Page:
National Technical University of Athens
School of Mechanical Engineering
Nuclear Engineering Department

NRE VI, International Symposium, June 5-9, 1995, Montreal, ENVIRONMENT INTERNATIONAL, Vol. 22, Suppl. 1, pp. S93-S99,1996


M.J. Anagnostakis and S.E.Simopoulos
Nuclear Engineering Section
Mechanical Engineering Department
National Technical University of Athens

Several radionuclides emit significant gamma rays at energies below 80 keV, which in many cases are essential for their detection in radioenvironmental assays. The gamma spectroscopic analysis at this energy region is conducted using planar Low Energy Germanium detectors, with high and almost constant efficiency in the energy region between 20 and 80 keV. When analysing solid and liquid samples, using these detectors, the count rate is highly affected by the intense self-absorption of the low energy photons. Thus, the difference of the absorption properties between the calibration source and the sample requires the introduction of an efficiency correction factor. A method which is applicable for cylindrical geometries was adapted for the determination of the above correction factor using a newly developed experimental-numerical technique and a FORTRAN program. This program, using as input the source-to-detector geometry and the values of the linear attenuation coefficient (?) of both the calibration source and the material to be analysed, calculates the efficiency correction factor. The value of the linear attenuation coefficient (?) needed for this calculation is being experimentally estimated for each material to be analysed. The technique has been cross-checked using standard materials. According to the results obtained, in the case of surface soil samples, lignite and fly ash values ranges from 0.2 to 0.9 cm?? and leads to efficiency correction factors - for the geometry used and a 4M HCl mixed radionuclide calibration source - in the range of 0.5 to 1.2 for the photons emitted by Pb-210 at 46.52 keV and Am-241 at 59.54 keV. The correction factor in the case of 185.99 keV photons is slightly lower than 1.0, even for the most absorbing of the materials analysed.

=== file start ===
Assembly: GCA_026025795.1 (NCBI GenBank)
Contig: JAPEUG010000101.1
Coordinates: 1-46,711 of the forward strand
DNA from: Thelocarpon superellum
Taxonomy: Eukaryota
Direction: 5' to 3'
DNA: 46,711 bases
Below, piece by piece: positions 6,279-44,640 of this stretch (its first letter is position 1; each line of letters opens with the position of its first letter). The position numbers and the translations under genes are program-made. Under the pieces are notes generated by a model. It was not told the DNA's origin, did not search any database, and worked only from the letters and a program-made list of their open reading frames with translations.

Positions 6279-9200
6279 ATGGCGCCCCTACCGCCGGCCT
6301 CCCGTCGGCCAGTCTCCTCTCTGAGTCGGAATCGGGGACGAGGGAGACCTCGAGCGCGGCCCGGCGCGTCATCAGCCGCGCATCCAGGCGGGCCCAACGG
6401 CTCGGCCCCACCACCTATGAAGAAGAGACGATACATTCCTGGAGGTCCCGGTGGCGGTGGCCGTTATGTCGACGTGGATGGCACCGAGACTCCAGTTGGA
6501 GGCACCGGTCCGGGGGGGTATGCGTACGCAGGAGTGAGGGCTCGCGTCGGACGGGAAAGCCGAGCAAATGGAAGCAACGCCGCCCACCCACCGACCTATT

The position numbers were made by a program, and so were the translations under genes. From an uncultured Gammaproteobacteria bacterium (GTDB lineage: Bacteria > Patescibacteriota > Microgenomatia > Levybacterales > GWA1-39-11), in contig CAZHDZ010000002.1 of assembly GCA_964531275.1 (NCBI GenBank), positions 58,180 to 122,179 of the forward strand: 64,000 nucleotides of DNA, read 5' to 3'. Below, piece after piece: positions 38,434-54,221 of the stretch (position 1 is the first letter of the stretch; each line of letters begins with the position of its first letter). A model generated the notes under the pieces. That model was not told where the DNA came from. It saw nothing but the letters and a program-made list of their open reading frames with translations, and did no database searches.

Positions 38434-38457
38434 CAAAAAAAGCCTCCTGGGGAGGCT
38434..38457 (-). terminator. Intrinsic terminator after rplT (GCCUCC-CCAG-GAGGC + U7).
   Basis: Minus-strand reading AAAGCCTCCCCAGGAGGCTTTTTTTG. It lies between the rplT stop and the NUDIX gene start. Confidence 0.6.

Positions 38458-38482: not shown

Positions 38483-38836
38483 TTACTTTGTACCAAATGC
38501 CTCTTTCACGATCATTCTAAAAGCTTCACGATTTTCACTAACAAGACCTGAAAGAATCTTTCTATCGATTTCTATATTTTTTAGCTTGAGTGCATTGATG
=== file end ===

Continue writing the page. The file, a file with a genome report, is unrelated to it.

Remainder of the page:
Previous Next